“I think we’re about 20 years too young for this,” I overheard a 20-something concertgoer say at the Mill City Museum on Thursday night. Actually, a 21-year-old would be a full 50 years younger than performers Spider John Koerner and Tony Glover, but the interesting thing is that Koerner and Glover themselves are decades too young for the music they’re playing.
Koerner and Glover came of age during the folk revival of the early 1960s, when young people turned to folk songs as a means of protest against the hawks of the Cold War and the Vietnam War and also as a punkish response to the smooth sounds of the era’s popular music (think Paul Anka and Neil Sedaka). In that atmosphere, it was an act of rebellion for them to be playing the songs they’re still playing today—songs about John Henry and the Wabash Cannonball. The folk revival’s most famous participant, Bob Dylan, learned from Koerner and Glover (as well as their late peer Dave Ray) during his brief sojourn in Minneapolis en route from Hibbing to New York and musical immortality.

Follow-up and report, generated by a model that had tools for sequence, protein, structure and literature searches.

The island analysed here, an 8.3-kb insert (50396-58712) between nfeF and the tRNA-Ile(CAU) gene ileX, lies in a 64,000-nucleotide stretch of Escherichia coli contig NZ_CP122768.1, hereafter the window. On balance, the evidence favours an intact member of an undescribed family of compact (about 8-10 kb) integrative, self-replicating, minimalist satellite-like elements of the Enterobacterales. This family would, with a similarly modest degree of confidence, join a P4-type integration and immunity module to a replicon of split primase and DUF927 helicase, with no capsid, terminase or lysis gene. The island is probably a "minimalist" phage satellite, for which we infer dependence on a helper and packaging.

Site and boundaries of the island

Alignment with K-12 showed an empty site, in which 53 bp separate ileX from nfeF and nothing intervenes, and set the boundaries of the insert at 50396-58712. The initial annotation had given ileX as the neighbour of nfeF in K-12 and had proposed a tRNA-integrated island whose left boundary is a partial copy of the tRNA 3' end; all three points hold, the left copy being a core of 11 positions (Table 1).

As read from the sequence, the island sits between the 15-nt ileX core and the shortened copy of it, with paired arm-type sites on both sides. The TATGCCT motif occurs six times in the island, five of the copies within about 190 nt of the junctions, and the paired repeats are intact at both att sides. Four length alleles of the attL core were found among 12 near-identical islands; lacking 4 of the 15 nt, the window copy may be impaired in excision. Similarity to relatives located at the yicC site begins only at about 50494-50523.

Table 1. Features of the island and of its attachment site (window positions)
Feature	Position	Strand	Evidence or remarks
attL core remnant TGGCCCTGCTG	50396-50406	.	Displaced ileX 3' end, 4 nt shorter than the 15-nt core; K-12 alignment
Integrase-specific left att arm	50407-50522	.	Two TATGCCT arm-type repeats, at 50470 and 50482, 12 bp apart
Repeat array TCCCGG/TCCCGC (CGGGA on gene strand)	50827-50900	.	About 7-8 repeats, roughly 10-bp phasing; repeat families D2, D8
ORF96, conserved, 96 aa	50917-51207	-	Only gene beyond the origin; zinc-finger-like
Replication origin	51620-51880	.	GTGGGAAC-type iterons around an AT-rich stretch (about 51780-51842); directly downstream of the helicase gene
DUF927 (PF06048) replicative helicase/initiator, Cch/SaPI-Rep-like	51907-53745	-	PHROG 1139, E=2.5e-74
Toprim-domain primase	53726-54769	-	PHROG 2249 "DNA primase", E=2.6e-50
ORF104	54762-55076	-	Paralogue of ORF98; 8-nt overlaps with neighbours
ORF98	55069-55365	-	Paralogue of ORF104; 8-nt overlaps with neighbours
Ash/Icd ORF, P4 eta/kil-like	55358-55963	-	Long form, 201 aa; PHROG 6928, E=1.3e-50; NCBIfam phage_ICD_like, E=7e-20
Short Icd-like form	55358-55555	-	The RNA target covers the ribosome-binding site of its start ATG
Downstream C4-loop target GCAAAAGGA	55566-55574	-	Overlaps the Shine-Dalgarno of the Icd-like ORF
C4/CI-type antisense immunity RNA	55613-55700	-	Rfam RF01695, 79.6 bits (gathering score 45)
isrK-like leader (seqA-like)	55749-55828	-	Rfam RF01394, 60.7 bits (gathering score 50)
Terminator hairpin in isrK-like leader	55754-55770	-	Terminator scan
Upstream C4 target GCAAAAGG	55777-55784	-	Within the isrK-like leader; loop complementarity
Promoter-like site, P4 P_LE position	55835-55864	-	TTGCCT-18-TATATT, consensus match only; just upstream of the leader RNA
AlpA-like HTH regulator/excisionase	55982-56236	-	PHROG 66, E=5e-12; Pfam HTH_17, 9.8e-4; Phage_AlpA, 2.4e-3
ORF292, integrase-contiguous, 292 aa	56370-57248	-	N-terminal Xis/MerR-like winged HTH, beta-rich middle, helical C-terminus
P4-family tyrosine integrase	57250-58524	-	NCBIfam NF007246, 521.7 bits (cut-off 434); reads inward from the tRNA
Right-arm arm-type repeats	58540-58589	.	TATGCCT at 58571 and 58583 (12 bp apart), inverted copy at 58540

During their courtyard performance on the beautiful summer evening, Koerner and Glover displayed the easy banter of a pair who have been playing together for about as long as Bono’s been alive, with a mordant wit regarding their advanced age.
“Tonight we’re going to play old folk songs in a sort of 1960s-bar style,” said Koerner at the show’s outset. “Would you agree with that, Tony?”
“I can’t afford not to,” quipped Glover.
Later, Glover reminisced about the last time he’d been at the museum—which was formerly an active flour mill. “My dad brought me down here to see the place. There’d been an explosion, and the place was still smoking days later.”
“About what year was that?” asked Koerner.
“Oh,” replied Glover, “I don’t know. About 150 years ago.”